Tag Archive | Stress Management

Self Care During Stressful Times

I recently read an article that stated that when women are experiencing financial stress, the first thing they let go of is self-care.  I find this fascinating, as the article stated that men continue to take care of themselves, even when money is tight.

What in our psyches makes us believe that our self-care is the least important thing in our lives?  In reality, taking care of yourself is the most important thing you can do for yourself or anyone else. 

When we take care of ourselves, through eating right, exercise, massage, and participating in activities we enjoy, our stress levels are reduced, thereby making us better wives, mothers, employees, employers, and friends.  When we are managing our stress appropriately, we are less apt to get sick, forget things, or lash out at a loved one.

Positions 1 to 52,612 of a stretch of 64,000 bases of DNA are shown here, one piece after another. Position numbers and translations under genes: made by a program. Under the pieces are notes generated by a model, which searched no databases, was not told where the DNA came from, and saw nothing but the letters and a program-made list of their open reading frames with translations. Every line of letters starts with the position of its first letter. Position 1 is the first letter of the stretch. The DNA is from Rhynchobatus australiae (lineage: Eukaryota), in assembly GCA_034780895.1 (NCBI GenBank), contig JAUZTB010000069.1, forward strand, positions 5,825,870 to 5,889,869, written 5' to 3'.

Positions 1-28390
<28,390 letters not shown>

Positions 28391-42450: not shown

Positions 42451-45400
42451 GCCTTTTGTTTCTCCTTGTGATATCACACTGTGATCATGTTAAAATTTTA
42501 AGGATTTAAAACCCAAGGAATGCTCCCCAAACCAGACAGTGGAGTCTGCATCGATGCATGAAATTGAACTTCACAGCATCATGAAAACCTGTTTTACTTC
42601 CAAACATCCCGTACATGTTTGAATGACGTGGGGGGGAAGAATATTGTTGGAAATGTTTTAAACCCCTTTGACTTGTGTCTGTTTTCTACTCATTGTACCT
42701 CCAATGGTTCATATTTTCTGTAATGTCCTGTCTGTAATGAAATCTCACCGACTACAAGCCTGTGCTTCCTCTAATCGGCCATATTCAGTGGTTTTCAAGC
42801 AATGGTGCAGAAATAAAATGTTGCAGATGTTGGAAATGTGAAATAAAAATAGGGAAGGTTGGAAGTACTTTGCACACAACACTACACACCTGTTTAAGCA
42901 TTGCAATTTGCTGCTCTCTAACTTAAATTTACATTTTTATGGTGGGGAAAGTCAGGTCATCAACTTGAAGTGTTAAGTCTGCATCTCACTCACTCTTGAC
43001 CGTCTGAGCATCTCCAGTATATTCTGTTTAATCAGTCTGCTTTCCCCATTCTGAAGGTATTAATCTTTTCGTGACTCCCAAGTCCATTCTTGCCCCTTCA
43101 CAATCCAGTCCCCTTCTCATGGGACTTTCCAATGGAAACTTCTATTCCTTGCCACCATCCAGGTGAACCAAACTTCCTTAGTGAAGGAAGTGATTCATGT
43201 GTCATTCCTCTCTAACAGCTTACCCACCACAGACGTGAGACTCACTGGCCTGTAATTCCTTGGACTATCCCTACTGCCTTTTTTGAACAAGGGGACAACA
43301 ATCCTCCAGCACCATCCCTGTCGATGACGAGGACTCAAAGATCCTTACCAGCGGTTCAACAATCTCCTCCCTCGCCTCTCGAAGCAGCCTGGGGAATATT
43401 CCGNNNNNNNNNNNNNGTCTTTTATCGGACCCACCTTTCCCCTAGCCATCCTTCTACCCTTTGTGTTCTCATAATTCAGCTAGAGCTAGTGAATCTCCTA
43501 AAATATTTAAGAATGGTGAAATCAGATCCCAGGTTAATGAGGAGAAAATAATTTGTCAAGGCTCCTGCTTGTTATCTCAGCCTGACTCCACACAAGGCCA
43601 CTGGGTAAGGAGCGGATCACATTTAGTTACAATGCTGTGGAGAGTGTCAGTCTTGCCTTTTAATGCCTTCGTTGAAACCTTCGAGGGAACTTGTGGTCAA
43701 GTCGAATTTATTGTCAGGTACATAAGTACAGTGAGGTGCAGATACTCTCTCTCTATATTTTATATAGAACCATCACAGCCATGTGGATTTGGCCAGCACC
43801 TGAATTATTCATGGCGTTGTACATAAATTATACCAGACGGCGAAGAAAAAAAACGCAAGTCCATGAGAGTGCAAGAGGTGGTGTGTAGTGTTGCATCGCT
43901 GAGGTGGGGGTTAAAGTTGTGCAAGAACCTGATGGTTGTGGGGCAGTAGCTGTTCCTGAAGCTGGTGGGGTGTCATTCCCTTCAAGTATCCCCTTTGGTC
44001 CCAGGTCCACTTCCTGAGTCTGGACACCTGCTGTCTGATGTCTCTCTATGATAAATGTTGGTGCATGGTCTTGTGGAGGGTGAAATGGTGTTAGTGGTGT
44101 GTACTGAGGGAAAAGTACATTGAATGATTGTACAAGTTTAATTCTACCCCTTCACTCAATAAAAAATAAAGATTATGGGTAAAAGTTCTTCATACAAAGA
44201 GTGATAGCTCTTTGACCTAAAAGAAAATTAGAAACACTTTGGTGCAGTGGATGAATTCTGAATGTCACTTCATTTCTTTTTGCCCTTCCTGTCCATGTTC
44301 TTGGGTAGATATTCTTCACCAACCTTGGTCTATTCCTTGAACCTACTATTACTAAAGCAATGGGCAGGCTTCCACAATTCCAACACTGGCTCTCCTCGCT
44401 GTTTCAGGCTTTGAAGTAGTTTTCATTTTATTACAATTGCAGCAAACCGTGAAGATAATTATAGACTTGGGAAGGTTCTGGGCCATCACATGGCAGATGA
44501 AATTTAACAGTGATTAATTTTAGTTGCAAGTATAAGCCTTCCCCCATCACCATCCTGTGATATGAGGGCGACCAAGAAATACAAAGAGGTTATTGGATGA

The tag line for my business is “You are the most important person in your life.  Treat your body right.”  Continue to do the things that help reduce stress, and you will be a better person for it.

Stress Management ~~ Lessons Learned From A Cat

Recently,  I was adopted by a stray cat.  She showed up one day, and never left.  I welcomed her into mu home, and I have been reminded of certain things from having her here.  Cats really know how to manage stress.  Think about it….have you ever seen a cat that was perpetually stressed out?  They have certain routines that help keep their stress to a minimum.

Take Time to Play Every Day:  Cats have fun while exercising their bodies when they run, jump, chase after leaves, and pounce on our feet underneath a blanket.  Spending time doing something we enjoy is an excellent way to manage stress levels, especially if that activity provides us with some exercise.